This budget for healthcare is the lowest since 2012 – 2013. This does not send the right message at all, at a time when we are talking about proportionately increasing the budget in terms of GDP.
India has had a history of underutilising the health budget and the Finance Minister has failed to address this huge gap. Allocation of funds is an issue but the larger issue is there being no proper system to make sure that the budget is used in the right arena.
The finance minister has rightly linked cleanliness and Swachch Bharat Abhiyan with preventive healthcare.
Increasing the health insurance premium exemption to 25,000 is a welcome change. But there is a clause of Rs 5,000 for Preventive Health Checkup. There is no clarity on the breakup. The government’s vision of including every citizen in the ambit of health insurance is progressive, but that can only work in tandem with preventive healthcare.
The proposition of five new AIIMS is promising and we are glad that the government is stepping up the healthcare infrastructure in every state. The government has also promised quality medical facility in every city, village and district by 2022. We hope that the government will look at effective public private partnership to achieve this ambitious vision at such a short period of time.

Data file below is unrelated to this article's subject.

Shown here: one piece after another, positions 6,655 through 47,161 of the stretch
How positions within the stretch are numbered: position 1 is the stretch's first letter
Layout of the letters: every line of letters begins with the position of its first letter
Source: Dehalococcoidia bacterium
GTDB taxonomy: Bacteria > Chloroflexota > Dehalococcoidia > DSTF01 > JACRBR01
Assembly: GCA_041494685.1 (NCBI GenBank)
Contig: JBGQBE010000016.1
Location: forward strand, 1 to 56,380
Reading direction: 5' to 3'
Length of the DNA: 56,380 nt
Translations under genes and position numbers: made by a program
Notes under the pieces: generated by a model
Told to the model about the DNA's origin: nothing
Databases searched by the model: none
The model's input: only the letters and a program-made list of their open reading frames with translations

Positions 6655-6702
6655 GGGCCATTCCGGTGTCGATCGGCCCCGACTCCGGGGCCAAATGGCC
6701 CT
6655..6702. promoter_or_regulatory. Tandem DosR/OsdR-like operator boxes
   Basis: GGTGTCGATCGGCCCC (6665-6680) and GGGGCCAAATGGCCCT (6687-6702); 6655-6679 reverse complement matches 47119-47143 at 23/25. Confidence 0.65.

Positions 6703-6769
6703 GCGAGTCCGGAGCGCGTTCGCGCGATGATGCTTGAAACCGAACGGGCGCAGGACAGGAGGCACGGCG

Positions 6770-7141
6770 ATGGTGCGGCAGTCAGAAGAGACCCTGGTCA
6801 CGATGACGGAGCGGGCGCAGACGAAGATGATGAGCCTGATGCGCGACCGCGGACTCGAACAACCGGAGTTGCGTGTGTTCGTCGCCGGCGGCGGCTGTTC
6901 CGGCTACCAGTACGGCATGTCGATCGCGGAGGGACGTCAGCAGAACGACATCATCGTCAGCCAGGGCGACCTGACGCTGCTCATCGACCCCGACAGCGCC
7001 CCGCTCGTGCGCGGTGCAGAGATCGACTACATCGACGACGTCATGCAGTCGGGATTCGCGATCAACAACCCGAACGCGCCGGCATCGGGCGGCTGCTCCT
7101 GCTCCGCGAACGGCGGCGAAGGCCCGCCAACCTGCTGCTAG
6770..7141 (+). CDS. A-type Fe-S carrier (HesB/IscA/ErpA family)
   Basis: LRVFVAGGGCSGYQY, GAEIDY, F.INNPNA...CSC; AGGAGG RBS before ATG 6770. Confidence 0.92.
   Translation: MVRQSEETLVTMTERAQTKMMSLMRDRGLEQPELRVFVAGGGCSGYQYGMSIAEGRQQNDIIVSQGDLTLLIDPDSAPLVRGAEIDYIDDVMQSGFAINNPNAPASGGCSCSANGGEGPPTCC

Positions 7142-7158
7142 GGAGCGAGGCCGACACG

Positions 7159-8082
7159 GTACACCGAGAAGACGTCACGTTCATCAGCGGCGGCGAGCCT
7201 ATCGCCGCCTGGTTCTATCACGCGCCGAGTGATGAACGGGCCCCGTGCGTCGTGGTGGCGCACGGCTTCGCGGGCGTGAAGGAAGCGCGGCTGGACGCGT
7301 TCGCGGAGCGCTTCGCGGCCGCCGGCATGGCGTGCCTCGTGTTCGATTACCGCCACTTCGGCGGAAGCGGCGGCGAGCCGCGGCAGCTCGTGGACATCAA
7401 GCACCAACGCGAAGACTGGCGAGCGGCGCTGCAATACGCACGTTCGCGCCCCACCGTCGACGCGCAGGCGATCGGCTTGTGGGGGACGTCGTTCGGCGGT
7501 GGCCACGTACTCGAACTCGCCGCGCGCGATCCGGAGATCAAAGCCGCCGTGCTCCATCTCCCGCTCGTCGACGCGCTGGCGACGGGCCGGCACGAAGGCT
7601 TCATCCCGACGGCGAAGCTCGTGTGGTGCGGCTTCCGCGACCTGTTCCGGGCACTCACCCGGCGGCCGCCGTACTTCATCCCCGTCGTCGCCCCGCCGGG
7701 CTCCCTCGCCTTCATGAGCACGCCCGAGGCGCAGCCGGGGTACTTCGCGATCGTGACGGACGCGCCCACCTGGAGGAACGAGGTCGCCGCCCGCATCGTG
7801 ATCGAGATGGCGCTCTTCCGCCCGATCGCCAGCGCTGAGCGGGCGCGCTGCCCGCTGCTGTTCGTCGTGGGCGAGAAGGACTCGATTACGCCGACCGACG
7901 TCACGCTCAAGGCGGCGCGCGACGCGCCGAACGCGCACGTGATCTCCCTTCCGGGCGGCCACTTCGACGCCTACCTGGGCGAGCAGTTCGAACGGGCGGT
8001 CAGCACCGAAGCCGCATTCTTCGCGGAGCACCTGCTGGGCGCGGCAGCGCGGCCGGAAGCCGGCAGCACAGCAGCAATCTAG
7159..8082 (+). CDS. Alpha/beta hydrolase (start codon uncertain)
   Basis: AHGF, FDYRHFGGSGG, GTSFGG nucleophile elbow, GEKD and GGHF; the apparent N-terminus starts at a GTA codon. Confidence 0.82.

In the previous budget, the government had come up with a vision ‘Health for All’. But unfortunately with the proposed budget, it still seems to be just a vision statement. Lastly, I strongly propose that going forward healthcare budget should be a separate component like the Railways budget so that healthcare gets the significance that it deserves.